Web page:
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What are ACEs?

Adverse childhood experiences, or ACEs, are any traumatic or stressful events that a child may experience during their upbringing. These events can include physical, sexual, or emotional abuse; neglect; living with an alcoholic or drug-dependent parent; or experiencing domestic violence or instability in the home. Research has shown that children who have experienced ACEs are at an increased risk for a number of negative outcomes, including physical and mental health problems, academic challenges, and social difficulties.


The impact of ACEs can be far-reaching and long-lasting. Children who have experienced ACEs may have difficulty regulating their emotions, may be more prone to anxiety and depression, and may have difficulty forming trusting relationships with others. They may also have an increased risk of developing chronic physical health problems, such as obesity, heart disease, and diabetes.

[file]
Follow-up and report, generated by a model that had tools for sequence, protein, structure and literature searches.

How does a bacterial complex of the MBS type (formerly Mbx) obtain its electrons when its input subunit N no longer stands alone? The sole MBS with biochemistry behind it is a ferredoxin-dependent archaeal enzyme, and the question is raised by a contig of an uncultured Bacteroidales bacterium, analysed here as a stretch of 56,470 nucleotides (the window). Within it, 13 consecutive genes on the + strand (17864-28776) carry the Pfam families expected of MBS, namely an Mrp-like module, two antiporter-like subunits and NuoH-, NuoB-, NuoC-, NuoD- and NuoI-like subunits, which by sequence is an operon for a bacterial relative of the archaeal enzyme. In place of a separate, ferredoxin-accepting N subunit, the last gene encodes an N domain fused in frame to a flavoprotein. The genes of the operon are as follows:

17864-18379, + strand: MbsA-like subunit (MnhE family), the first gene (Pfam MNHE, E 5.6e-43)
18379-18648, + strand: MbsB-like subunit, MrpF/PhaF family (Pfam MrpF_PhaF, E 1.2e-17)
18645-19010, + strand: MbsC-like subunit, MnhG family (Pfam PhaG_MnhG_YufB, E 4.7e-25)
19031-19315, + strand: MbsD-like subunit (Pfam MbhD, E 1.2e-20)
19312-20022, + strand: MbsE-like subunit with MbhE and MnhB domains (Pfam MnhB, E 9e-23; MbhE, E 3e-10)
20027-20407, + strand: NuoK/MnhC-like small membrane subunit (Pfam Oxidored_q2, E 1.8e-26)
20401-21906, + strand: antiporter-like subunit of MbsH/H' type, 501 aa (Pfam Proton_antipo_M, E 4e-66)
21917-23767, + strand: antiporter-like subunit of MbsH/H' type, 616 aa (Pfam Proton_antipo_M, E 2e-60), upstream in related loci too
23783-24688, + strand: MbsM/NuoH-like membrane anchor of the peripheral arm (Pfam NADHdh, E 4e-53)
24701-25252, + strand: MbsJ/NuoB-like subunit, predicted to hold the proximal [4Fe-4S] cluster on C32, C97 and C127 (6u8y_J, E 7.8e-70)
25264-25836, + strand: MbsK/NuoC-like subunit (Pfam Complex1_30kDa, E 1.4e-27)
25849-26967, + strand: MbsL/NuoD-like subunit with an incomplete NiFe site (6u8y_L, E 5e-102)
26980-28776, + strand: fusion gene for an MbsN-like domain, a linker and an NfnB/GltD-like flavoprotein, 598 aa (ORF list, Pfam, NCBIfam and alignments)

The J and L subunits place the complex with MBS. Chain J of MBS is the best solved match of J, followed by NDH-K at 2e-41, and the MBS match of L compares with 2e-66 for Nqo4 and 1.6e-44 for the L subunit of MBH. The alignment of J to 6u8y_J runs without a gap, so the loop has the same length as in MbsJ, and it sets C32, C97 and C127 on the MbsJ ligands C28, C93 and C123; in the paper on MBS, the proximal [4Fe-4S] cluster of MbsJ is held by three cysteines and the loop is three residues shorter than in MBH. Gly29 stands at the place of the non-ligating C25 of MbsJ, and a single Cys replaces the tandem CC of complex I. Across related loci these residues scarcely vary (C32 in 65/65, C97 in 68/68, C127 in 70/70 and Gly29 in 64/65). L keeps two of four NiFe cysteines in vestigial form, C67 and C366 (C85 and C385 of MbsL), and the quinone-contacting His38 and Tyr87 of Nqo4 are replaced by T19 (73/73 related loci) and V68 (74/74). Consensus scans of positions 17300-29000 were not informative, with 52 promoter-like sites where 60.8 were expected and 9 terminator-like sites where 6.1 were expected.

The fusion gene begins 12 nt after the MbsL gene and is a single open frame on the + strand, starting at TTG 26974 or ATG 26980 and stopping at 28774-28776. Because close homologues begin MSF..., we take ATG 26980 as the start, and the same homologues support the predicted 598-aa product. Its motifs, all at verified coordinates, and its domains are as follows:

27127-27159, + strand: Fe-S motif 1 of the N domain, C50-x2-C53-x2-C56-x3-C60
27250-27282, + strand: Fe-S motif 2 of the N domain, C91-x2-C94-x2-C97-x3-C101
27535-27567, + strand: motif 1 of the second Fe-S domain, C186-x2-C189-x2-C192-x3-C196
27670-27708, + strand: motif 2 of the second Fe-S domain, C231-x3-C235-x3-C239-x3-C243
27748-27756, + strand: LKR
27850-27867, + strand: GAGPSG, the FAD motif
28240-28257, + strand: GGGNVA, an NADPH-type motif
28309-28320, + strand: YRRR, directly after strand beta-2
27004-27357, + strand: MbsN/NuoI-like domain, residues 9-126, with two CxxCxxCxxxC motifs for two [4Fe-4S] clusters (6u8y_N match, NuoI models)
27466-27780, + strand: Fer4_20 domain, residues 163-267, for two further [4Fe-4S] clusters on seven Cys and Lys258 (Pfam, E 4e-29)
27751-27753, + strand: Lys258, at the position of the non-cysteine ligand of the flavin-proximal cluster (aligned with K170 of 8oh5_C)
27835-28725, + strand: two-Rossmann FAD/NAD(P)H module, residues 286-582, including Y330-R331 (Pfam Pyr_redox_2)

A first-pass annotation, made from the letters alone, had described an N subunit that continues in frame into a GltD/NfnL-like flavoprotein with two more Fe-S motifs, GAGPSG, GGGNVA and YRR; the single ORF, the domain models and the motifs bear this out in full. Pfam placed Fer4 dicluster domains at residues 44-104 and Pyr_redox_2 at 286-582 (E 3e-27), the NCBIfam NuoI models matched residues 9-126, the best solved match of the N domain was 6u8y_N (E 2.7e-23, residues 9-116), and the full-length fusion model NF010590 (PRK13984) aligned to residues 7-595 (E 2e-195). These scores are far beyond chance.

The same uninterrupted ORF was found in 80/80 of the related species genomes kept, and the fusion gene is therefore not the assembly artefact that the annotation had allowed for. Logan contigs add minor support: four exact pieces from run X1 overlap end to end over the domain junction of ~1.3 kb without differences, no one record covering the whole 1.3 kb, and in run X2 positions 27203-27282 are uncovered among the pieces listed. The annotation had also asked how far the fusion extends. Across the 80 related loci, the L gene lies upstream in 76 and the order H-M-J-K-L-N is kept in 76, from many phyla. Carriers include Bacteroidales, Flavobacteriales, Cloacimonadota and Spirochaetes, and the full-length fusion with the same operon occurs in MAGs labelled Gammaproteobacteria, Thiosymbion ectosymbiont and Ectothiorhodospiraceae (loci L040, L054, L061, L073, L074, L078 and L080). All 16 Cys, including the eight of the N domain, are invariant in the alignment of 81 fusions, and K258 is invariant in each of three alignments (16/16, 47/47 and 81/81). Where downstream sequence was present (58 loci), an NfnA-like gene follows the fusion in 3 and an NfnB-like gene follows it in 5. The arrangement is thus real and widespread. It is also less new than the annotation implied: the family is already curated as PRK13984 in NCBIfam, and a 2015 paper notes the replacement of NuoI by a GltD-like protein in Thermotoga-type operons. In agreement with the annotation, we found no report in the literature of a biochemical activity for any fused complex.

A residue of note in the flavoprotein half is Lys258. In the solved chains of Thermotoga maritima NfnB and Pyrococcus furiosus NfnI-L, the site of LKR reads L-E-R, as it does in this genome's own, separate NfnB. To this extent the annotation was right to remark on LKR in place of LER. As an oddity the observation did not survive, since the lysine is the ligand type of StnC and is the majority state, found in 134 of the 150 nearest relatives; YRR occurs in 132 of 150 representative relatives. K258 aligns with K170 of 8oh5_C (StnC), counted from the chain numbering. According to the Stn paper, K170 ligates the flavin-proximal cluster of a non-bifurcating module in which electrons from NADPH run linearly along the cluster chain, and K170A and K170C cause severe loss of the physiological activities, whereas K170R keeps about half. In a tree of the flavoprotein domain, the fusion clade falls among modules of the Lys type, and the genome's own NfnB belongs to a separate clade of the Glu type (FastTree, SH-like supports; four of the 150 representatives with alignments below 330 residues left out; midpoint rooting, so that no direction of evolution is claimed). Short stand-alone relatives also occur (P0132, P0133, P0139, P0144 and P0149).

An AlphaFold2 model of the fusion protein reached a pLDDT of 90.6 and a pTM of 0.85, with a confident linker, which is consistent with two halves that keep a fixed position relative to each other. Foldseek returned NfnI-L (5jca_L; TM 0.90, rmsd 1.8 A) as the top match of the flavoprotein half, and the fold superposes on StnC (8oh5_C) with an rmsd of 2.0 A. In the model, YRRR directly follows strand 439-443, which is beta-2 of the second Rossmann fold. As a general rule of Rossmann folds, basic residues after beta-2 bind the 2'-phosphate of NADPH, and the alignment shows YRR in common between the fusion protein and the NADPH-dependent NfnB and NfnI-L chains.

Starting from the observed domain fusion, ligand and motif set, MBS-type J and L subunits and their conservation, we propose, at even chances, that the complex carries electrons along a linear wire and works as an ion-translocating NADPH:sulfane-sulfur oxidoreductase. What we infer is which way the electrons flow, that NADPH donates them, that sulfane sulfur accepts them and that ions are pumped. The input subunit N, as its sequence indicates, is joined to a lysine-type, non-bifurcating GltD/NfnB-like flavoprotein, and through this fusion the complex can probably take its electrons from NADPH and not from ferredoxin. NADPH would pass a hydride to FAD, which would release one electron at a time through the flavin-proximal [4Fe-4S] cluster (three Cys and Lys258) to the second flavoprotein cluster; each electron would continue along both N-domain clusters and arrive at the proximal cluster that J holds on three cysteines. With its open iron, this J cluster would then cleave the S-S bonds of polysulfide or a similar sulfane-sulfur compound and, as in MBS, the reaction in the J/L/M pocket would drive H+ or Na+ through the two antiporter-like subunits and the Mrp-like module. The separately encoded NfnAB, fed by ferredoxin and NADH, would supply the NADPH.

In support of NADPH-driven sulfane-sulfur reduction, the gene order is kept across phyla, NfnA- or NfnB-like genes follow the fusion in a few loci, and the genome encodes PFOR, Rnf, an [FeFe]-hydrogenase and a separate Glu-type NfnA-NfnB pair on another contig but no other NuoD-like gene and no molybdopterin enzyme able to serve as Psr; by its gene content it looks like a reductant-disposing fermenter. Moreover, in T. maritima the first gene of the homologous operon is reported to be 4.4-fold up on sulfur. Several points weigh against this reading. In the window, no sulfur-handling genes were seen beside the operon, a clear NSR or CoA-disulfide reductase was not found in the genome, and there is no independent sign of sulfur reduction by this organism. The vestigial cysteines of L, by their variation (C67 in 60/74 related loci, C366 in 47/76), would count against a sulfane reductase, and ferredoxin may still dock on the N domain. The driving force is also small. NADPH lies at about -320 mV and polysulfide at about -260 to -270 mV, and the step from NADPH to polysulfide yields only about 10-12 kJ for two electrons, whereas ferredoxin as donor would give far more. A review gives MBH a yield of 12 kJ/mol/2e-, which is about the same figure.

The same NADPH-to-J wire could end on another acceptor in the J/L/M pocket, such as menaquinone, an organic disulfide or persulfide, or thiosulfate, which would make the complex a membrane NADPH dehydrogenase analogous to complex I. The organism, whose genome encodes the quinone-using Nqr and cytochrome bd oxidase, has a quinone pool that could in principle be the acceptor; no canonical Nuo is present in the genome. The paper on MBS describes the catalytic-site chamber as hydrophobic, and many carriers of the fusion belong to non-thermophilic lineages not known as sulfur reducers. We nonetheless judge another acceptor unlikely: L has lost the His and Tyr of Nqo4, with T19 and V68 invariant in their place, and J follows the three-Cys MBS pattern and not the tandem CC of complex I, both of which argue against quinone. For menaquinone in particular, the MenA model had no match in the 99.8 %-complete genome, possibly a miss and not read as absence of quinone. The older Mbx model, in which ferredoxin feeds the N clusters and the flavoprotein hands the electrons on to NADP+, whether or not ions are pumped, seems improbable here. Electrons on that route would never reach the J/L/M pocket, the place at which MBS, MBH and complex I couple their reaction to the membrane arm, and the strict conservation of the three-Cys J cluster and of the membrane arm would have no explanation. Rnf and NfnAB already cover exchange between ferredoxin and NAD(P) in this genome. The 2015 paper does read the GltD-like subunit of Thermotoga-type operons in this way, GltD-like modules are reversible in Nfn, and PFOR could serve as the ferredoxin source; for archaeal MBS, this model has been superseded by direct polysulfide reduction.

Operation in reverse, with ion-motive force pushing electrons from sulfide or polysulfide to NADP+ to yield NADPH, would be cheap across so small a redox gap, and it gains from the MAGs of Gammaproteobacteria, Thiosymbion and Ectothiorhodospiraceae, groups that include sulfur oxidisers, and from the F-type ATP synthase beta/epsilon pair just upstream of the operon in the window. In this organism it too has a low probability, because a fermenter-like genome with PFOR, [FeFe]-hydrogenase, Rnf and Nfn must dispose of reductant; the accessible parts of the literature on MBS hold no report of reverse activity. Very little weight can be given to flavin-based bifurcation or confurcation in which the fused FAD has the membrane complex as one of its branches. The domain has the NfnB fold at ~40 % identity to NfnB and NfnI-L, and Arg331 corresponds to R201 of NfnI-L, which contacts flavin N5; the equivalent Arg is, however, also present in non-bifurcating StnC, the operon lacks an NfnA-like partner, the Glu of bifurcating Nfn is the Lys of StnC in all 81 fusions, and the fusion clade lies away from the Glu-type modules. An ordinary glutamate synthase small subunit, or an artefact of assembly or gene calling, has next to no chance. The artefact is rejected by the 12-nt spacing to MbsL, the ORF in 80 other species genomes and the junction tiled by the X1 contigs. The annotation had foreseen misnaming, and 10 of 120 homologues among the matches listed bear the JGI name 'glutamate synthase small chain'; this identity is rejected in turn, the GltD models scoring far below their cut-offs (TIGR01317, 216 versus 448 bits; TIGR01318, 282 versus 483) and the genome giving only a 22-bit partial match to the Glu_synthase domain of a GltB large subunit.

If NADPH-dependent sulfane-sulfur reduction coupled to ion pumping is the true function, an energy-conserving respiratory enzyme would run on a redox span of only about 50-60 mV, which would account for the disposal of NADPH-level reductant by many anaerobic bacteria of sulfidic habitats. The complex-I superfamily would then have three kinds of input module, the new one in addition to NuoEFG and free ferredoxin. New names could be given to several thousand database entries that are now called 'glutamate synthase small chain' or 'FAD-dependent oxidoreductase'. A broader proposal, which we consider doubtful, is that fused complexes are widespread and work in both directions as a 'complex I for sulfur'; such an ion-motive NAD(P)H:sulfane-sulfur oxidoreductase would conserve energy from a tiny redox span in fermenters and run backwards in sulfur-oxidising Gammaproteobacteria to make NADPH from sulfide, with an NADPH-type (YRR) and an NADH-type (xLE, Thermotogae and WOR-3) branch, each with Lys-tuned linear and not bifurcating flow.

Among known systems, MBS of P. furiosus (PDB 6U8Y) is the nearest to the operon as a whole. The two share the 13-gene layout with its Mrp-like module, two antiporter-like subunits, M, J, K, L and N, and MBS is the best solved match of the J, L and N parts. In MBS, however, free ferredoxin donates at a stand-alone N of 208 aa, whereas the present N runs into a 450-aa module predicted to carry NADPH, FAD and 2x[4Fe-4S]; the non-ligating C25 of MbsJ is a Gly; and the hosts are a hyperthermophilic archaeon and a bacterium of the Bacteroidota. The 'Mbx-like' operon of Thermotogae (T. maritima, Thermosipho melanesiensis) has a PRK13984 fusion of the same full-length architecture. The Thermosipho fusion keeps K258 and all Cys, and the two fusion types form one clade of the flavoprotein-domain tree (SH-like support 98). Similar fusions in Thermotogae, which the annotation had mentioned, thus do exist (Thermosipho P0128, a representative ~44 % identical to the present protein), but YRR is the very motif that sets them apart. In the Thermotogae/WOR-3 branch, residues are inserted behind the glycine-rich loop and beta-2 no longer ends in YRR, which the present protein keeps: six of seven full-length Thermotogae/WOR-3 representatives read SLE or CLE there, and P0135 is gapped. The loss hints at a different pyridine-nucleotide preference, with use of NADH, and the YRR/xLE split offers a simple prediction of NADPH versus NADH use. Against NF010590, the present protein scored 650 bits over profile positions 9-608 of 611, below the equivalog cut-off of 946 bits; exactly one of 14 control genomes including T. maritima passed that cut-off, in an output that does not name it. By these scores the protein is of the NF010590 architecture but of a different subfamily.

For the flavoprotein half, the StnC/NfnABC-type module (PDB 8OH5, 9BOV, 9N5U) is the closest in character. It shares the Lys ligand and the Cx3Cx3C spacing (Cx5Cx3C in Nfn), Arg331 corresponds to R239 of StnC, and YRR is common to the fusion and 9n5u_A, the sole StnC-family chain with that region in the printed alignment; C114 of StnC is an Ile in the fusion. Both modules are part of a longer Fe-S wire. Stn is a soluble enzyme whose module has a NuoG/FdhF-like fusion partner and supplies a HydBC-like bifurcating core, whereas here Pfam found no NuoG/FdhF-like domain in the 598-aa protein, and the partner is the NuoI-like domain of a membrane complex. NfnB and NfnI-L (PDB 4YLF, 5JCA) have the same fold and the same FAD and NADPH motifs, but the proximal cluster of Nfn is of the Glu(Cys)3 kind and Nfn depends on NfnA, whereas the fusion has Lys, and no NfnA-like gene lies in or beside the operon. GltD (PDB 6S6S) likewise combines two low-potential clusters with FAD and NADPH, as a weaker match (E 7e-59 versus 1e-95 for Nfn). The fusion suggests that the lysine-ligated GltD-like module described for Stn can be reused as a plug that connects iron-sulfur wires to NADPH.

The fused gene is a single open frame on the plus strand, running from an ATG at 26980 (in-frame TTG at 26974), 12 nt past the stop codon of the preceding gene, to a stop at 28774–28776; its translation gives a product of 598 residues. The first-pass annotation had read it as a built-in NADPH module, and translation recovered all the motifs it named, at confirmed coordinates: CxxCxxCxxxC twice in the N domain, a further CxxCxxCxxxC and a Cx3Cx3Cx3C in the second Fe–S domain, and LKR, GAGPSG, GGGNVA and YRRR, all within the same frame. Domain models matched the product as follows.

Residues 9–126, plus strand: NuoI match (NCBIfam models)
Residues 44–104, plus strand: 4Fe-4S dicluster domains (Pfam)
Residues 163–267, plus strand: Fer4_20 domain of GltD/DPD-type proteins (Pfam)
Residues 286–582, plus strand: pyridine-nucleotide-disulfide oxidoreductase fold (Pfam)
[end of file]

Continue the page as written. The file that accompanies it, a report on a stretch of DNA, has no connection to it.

In terms of academic outcomes, children who have experienced ACEs may struggle in school, with lower grades and a greater likelihood of dropping out. They may also have difficulty with social skills, which can impact their relationships with peers and their ability to form healthy friendships.


It's important to note that the effects of ACEs are not always immediately apparent and can manifest in different ways as a child grows and develops. That's why it's crucial for parents, caregivers, and educators to be aware of the potential impacts of ACEs and to provide support and resources to children who have experienced them. This can include therapy, a supportive home environment, and a safe and nurturing educational setting.


By understanding the impact of ACEs and taking steps to support children who have experienced them, we can help children overcome the challenges they face and reach their full potential.










Scott Hollis PhD, MLS(ASCP)

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